The Metropolitan Museum of Art has tapped three artists for its 2024 facade, rooftop, and Great Hall commissions, which are among the most prestigious—and visible—stages for art in New York.
On Wednesday, the Met announced that Kosovo-born artist Petrit Halilaj will transform the Rooftop Garden with a sculptural installation based on the war that ravaged the Balkans during his youth in the 1990s; the work will debut in April.
South Korean sculptor Lee Bul will unveil four sculptures for the museum’s Fifth Avenue facade niches in September, and Taiwanese artist Tong Yang-Tze will create two large-scale calligraphy works incorporating classical Chinese literature for the Great Hall, on view beginning in November.
Met director Max Hollein said in a statement, “It is with great excitement that we announce the artists for the 2024 contemporary commissions. All boundary-pushing in their own right, Petrit Halilaj, Lee Bul, and Tong Yang-Tze will light up the three most prominent locations across the Museum, engaging The Met’s global audience. We look forward to unveiling their commissions in the year ahead.”
The commission series is part of push by the encyclopedic museum to center contemporary art, sometimes in canon-expanding ways. Past participants have produced genre-bending artworks that riff on—or outright challenge—its hallowed holdings.
Lauren Halsey’s lauded rooftop garden project, which closed this past October, repurposed ancient Egypt iconography into a monument to her neighborhood of Los Angeles, and a multimedia installation by Jacolby Satterwhite, comprised of many shifting sounds, animations, and performances, is currently flitting across the cavernous Great Hall. The Satterwhite piece is on view through January 7.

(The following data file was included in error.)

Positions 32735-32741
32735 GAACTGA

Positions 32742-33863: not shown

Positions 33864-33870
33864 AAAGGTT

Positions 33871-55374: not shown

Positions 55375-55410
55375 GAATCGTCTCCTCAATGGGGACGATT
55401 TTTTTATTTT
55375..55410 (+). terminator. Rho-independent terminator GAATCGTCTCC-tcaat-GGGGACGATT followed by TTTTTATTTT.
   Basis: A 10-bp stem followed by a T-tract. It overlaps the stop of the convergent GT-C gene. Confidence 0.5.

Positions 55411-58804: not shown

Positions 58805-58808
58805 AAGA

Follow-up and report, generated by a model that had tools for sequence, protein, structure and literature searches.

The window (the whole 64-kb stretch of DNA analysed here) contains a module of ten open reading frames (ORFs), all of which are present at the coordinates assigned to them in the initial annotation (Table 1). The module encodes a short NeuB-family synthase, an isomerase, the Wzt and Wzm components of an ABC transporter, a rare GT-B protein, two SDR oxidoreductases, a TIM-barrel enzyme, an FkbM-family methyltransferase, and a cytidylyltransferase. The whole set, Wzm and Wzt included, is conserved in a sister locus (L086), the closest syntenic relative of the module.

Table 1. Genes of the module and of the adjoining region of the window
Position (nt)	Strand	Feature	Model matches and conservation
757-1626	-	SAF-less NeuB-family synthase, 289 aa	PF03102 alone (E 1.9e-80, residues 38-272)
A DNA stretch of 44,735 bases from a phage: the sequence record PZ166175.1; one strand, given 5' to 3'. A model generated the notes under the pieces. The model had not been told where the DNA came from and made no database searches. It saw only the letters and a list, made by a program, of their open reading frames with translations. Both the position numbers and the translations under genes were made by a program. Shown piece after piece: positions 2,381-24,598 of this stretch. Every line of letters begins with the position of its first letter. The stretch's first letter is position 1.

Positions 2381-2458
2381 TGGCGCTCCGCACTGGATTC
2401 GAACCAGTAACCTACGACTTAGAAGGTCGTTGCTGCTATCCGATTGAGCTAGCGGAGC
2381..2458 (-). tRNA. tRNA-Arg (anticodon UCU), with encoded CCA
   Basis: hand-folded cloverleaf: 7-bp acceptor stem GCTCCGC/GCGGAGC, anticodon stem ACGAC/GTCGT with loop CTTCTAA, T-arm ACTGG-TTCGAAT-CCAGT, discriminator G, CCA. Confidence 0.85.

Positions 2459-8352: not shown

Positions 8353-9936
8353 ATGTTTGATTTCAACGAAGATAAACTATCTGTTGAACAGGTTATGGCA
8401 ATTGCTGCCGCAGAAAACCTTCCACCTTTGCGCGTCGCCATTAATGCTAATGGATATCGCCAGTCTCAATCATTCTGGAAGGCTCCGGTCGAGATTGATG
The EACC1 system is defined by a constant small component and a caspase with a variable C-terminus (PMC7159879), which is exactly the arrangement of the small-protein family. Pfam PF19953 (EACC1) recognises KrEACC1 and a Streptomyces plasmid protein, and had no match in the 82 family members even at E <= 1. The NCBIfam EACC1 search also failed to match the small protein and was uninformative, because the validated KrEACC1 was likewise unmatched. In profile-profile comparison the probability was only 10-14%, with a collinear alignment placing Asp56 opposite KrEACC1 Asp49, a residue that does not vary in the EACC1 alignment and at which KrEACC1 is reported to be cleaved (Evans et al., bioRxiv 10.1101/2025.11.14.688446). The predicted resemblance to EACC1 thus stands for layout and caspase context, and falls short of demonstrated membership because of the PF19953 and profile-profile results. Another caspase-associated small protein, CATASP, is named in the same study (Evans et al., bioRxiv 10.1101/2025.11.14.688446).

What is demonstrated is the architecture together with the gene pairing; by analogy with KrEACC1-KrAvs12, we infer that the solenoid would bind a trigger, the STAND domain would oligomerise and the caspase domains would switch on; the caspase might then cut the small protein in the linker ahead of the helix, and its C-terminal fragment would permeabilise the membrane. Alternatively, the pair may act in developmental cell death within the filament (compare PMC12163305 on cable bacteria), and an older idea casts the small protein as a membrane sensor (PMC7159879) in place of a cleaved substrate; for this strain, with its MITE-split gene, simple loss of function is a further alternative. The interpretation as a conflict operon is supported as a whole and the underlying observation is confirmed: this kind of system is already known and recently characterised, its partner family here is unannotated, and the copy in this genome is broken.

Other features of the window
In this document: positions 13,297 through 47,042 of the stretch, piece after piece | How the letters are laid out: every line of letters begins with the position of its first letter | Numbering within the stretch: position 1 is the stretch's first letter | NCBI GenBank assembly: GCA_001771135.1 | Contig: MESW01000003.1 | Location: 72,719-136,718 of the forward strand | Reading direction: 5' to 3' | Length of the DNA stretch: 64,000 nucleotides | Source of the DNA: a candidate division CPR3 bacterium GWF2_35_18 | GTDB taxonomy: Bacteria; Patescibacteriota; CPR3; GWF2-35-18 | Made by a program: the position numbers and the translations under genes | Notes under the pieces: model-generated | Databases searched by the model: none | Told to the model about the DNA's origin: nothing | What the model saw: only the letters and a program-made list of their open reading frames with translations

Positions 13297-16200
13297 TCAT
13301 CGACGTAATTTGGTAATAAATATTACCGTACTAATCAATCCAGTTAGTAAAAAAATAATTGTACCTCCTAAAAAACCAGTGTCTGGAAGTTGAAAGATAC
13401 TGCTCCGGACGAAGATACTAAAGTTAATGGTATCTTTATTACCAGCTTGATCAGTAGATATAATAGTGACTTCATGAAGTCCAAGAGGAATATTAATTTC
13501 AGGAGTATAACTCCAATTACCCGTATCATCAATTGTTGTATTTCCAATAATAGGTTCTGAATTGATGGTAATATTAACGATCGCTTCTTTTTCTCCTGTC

Lee will take over the facade niches rom Iranian sculptor Nairy Baghramian, who won acclaim for her commission: large, abstract forms that resemble igneous rocks, painted in garish colors that poke fun at the grandeur of their neoclassical backdrop. Lee has exhibited widely in Asia and Europe, but the four sculptures she’s set to make for the facade mark her first major presentation in the United States since a 2002 solo exhibition at the New Museum. For that show, she made sleek, cyborgian sculptures that invited interaction, to unsettling effect.
Tong, 81, is among the oldest artists to receive a commissioned from the museum. This will be her first institutional commission outside Asia, where her calligraphy appears widely, including on Taiwan’s passport stamp. Like a budding ocean wave, her script rises and breaks across monumental canvases, displaying her mastery of the ancient art form.
Meanwhile, the Met is still at work on its new $500 million modern and contemporary art wing designed by the Mexican architect Frida Escobedo. The project was announced in March 2022, and is set to be completed in 2029.